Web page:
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Euromoney Podcasts: COP26

Euromoney Podcasts: COP26

  • If the COP 26 conference on climate, which concludes this week in Glasgow, has had a consistent theme, it has been trying to agree how much funding the developing world needs from the rich one to combat the most severe consequences of climate change, and how to make sure that funding gets there.
  • In the final episode in this series, Marjella Lecourt-Alma, of ESG risk management specialist Datamaran, explains why she gave COP26 a miss, what she expects to be the main drivers of climate action next year, and why the quest for perfect data is a distraction from the transition challenges ahead.
  • James Close, head of climate change at NatWest, looks at how the endgame might play out in Glasgow, what promises of a net-zero finance centre in London will mean in practice and the opportunities from creating credible carbon markets.
  • Richard Mattison, formerly CEO of environmental data pioneer Trucost and now head of S&P Global’s Sustainable1 division, talks new climate accounting standards, the need for scrutiny of net-zero commitments and what it will take for Glasgow to count as a successful COP.
  • Speaking from the World Climate Summit in Glasgow, Chris Iggo of Axa Investment Managers calls for more collaboration between governments, sectors and regulators, and warns of the dangers of self-congratulation among climate leaders.
  • Under its ambitious president, the five-year-old Asian Infrastructure Investment Bank has developed into an outfit with its own distinct personality and ambitions. Jin Liqun sits down with Euromoney to discuss climate financing, private-sector capital and why a post-Covid 'normal' is least two years away.
  • Marisa Drew, Credit Suisse's chief sustainability officer, had a busy week ahead at the UN Climate Change conference in Glasgow. But she found time to tell Euromoney about her hopes for COP26, how banks and corporates can change, and the benefits of sticky capital.
  • Standard Chartered’s CEO discusses COP26, climate finance in emerging markets, the need for consistent ESG data, and the challenges of creating high-integrity carbon markets.
  • COP 26 — a GC Podcast special by Ralph Sinclair, Toby Fildes, Jon Hay and Lewis McLellan
  • Harry Boyd-Carpenter, head of the EBRD's green economy and climate action team, discusses the latest developments at COP26, how they will affect emerging markets, and what multilateral banks can do to bridge the climate gap.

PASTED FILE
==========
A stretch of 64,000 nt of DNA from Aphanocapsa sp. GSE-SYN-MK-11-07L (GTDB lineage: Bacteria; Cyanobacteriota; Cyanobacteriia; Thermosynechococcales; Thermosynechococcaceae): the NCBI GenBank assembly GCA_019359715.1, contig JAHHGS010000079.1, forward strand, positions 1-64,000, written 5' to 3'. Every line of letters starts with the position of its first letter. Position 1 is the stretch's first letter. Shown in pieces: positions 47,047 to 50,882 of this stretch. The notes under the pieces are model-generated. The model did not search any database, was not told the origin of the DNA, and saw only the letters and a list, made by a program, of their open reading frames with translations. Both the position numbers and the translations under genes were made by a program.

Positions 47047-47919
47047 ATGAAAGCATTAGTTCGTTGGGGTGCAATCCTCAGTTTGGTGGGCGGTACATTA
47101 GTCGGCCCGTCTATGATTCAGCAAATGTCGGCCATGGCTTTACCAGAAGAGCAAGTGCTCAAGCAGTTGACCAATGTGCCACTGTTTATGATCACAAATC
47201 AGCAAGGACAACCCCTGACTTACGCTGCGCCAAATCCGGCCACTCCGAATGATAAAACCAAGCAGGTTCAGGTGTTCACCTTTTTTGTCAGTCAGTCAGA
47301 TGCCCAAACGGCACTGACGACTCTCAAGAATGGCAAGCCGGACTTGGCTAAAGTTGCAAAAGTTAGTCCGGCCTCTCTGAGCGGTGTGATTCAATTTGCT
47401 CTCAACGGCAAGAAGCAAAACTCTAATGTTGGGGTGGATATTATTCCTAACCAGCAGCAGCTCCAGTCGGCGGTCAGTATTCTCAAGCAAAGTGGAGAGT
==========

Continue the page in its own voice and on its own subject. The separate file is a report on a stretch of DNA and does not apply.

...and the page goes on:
• Val Smith, Citi's chief sustainability officer, and Constance Chalchat of BNP Paribas share their thoughts on the latest announcements from Glasgow and the implications for the banking sector.
  • Henry Fernandez, chief executive of MSCI, talks greenwashing, what to expect from Finance Day, and why ESG ratings should never be regulated.
  • James Gifford, Credit Suisse's head of sustainable & impact advisory and thought leadership, and one of the team who created the UN's Principles for Responsible Investment in 2006, discusses sticky capital, industries of the future and his 'light-bulb moment' on ESG.
  • Kate Levick of environmental policy think tank E3G looks ahead to Finance Day and reflects on what the climate conference will mean for the private sector
  • COP veteran and climate finance expert Abyd Karmali of Bank of America shares insights on what to watch for in the next two weeks and how Glasgow might stack up against previous climate conferences.
  • Carbon market veteran Anna Lehmann discusses the development of a complex sector, what to expect from the climate conference and why she is walking to Glasgow.
  • As the UN biodiversity conference gets under way in Kunming, Fabian Huwyler of Posaidon Capital talks about nature finance’s potential for alpha generation, why banks still aren’t doing enough in the sector, the rise of transformative technology – and why COPs are like Valentine’s Day.
  • Mike Meredith, head of the Polar Oceans division at the British Antarctic Survey, discusses what the financial sector can learn from scientists, how soon flats in Brighton will be underwater – and, of course, Boaty McBoatface.
  • Most of the world’s biggest banks have pledged to reach net zero by 2050 – but are they ready for the tough decisions required to get there? Daniel Klier, former head of global sustainable finance at HSBC and now CEO of Arabesque S-Ray, discusses the challenges facing the sector, the drive for consensus and the importance of data.

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